The exhibition Mario Sironi: From Futurism to Classicism 1913-1924 presents and explores a crucial phase in the stylistic evolution of Mario Sironi (1885-1961), one of the greatest protagonists of Italian and European art in the first half of the 20th century. The show focuses on ten years of his career, years that were central and decisive in the history of Italian art of the 1900s. Starting with his involvement with the Futurist avant-garde, in 1913, crossing the difficult period of the Great War, all the way to the complex, original hybrid of Futurism with Metaphysical experimentation in 1919, which reached its fulfillment in the classicist “return to order” in 1920-1924, the exhibition examines one of the moments of intense creativity and evolution of the artist.
The exhibition produced for Galleria Harry Bertoia, the result of recent restoration of the very central Palazzo Spelladi in Pordenone, presents a vivid dialogue of captivating paintings, drawings and illustrations from this epic phase of Sironi’s art, from the participation in Futurism in 1913 to the mature classicism of the first half of the 1920s. The show reconstructs the artist’s role, alongside Boccioni and Balla, in the Futurist milieu, in which he was an authoritative but independent voice, as demonstrated by his interest in the Russian Cubo-Futurism of Malevich, Goncharova and Larionov. The extraordinary, vivid episode of Sironi as an illustrator of war, with exceptional results that are at the apex of European illustration in the first two decades of the 1900s, is followed in the exhibition by the story of his abandonment of the Futurist movement, and the subsequent arrival in the Milan of Margherita Sarfatti, where Sironi produced his own particular classicism focused on modernity and new urban scenarios, with Picasso, Derain and De Chirico as the indispensable models of this new, monumental figuration. Through the display of fundamental works in Sironi’s career, the exhibition reconstructs the vigorous pictorial evolution, which in a few years was to touch on and develop leading European sensibilities, giving them a very independent and personal interpretation.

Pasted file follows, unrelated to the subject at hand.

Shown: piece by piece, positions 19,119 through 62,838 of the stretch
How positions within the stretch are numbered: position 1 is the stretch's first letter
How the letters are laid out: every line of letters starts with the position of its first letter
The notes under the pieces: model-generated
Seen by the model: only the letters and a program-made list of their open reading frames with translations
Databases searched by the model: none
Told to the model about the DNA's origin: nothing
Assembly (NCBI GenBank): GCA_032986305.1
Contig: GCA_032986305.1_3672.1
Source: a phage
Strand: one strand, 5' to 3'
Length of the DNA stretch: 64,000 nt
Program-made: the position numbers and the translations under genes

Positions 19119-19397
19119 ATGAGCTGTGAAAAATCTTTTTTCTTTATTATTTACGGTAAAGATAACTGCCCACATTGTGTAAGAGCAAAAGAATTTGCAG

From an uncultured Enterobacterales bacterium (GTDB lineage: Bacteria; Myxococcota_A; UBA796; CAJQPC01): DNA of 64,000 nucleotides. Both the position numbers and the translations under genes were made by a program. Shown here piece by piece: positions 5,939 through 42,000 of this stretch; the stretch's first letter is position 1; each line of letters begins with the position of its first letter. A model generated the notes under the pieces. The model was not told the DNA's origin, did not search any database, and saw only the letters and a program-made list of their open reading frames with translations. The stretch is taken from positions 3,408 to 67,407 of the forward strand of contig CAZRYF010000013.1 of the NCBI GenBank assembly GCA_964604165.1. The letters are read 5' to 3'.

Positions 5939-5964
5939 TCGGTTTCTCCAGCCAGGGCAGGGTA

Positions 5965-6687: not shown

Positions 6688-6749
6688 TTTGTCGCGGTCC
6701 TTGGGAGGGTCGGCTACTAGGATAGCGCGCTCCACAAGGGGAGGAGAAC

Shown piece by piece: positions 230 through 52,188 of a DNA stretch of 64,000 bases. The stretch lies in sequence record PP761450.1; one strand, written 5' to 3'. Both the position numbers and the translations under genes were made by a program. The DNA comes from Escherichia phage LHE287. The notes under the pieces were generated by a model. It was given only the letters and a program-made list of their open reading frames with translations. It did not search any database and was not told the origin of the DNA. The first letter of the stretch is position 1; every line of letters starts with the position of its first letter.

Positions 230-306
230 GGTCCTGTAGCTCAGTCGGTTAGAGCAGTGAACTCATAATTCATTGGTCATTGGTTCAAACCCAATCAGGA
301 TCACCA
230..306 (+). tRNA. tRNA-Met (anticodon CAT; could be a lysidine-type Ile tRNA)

Collezione Ramo has contributed with the loan of two drawings by Sironi.